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Fort Holabird was a U.S. Army post in the city of Baltimore, Maryland, from 1918-1973.
History [ edit ]
Fort Holabird was located in the southeast corner of the city, fronting on Holabird Ave. between Broening Highway and Dundalk Ave. From 1941 until the end of World War II, the installation grew to include approximately 350 acres and 286 buildings. After World War II, activities at Fort Holabird were curtailed and portions of the property were transferred from the Army. The largest transfer occurred in the timeframe between 1977 and 1979, when 223 acres were transferred to the City of Baltimore. The City developed the land into the Fort Holabird Industrial Park.
Timeline [ edit ]
1918: Established as Camp Holabird on 96 acres of marsh near Colgate Creek.
Established as the US Army's first motor transport training center and depot in southeastern  Baltimore City. It was named for Army Quartermaster General and West Point graduate Samuel B. Holabird (1826-1907). 1918: During
World War I, Holabird supplied the American Expeditionary Force in France with Detroit-made vehicles. Thousands of military personnel were trained there to drive and repair automobiles and trucks. 1918 or after: Became home to the Holabird Quartermaster Depot.
2 July 1919:
U.S. Navy blimp C-8 explodes while landing at Camp Holabird, injuring about 80 adults and children who were watching. Windows in homes a mile away are broken by the blast.   1920: by 1920 a center for the research and development of military vehicles was established at Holabird. Here the now famous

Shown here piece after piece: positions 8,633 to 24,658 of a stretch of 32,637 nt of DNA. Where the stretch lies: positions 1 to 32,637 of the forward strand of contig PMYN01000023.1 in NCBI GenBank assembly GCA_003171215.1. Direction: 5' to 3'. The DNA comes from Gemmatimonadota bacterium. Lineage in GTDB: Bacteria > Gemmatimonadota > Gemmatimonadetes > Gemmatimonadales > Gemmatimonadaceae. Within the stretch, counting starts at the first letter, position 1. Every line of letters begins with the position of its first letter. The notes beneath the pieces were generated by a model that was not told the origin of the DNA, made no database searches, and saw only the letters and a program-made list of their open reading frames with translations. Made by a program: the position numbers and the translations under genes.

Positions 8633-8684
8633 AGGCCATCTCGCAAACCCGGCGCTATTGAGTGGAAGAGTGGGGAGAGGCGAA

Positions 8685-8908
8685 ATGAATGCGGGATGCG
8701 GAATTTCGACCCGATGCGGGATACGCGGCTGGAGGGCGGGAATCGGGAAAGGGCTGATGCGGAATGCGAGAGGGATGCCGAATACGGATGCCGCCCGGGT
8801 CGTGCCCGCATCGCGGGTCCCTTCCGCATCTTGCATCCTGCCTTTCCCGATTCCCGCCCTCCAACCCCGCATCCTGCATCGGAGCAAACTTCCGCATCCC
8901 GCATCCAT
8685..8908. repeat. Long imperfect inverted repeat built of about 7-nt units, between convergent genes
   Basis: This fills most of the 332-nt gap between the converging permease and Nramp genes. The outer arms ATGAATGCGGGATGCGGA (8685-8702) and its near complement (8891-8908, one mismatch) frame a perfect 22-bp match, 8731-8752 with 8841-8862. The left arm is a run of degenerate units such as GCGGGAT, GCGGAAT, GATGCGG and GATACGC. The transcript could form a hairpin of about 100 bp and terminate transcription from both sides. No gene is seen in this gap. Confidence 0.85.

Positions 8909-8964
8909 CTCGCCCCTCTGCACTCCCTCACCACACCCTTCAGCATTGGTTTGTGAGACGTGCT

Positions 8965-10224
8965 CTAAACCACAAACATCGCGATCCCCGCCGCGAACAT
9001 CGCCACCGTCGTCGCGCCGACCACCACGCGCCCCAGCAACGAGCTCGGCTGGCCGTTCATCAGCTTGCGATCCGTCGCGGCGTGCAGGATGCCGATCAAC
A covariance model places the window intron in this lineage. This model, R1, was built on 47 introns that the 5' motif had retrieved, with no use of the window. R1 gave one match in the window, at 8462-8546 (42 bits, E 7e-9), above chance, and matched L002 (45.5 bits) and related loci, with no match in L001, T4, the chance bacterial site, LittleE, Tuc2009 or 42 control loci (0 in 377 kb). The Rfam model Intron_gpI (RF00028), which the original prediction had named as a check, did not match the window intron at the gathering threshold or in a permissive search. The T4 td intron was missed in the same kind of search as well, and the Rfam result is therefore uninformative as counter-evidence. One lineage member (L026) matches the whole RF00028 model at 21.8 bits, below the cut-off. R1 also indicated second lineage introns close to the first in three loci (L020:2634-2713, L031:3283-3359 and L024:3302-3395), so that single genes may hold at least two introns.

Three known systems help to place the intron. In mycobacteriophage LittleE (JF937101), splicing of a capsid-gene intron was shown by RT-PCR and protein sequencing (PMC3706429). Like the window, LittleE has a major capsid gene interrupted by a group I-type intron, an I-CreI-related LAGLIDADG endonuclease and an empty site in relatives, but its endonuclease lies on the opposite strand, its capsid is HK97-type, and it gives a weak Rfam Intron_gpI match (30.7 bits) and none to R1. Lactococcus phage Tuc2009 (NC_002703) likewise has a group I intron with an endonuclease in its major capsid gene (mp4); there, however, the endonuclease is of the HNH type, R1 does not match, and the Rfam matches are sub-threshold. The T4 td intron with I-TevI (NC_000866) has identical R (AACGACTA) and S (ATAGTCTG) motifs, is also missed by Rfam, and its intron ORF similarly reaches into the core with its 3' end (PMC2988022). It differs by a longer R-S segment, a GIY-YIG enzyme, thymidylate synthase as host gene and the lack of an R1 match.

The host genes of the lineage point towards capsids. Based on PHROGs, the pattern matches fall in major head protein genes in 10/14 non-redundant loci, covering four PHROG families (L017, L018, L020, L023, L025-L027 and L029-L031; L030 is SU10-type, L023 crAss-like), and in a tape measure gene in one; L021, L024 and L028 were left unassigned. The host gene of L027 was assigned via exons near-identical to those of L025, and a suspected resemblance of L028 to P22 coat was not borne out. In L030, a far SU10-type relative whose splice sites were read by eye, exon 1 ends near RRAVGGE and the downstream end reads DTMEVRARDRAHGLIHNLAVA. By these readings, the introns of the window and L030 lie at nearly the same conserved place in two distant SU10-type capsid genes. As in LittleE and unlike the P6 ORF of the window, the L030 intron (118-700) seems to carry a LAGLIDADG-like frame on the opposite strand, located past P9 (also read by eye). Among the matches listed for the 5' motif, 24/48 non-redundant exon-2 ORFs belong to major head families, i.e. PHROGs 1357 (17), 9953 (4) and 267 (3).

Jeep was tested and refined. 1942: Renamed as Holabird Ordnance Depot.
1943: Renamed as Holabird Signal Depot.
1947: Renamed as Camp Holabird.
1950: Renamed as Fort Holabird. The U.S.
Army Intelligence School and Counter Intelligence Records Facility based here until transferred to Fort Huachuca, Arizona in 1971. It was also used as an Armed Forces Examining & Entrance Station (induction facility). Early 1970s: Due to its proximity to
Washington, D.C., Ft. Holabird was used to guard witnesses in major federal cases, such as the Watergate hearings. E Howard Hunt, Charles Colson and John Dean were among the Watergate witnesses held there.   1973: Closed, area has been redeveloped into an industrial park.
2001: Fire destroys remnants of former spy school.
Notable people trained or stationed at Ft. Holabird [ edit ]
Donald L. Barlett, American author and investigative journalist
C. D. B. Bryan
Boniface Campbell, United States Army Major General
Garrison B. Coverdale,United States Army Major General
Thomas J. Dodd, Jr.
Chic Hecht, United States Senator 1983-1989
Patrick M. Hughes, Former Director of the Defense Intelligence Agency
Thomas Charles Huston
Eli Jacobs, American financier and attorney
Ann M. McDonough, first woman member of the US Army Counter Intelligence Corps
George J. Mitchell
LaRell Muir, Mayor of Murray, Utah 1977-1985
McCandlish Phillips, American journalist and author
Humbert Roque Versace
Gallery [ edit ]
Camp Holabird, Baltimore, Maryland, sometime between 1918 and 1923.
Holabird Ordnance Depot, Baltimore, Maryland, circa May 1943.
See also [ edit ]
Counterintelligence Corps (United States Army)
Fort Howard, Maryland, interrogation training
Karl Probst, designer of the Jeep
United States Army Counterintelligence
United States Army Intelligence Center
References [ edit ]
Gary Helton (2005). Images of America: Dundalk. Arcadia Publishing. ISBN 0-7385-4212-1.
External links [ edit ]
Coordinates: 39°16′08″N 76°32′09″W / 39.2689°N 76.5357°W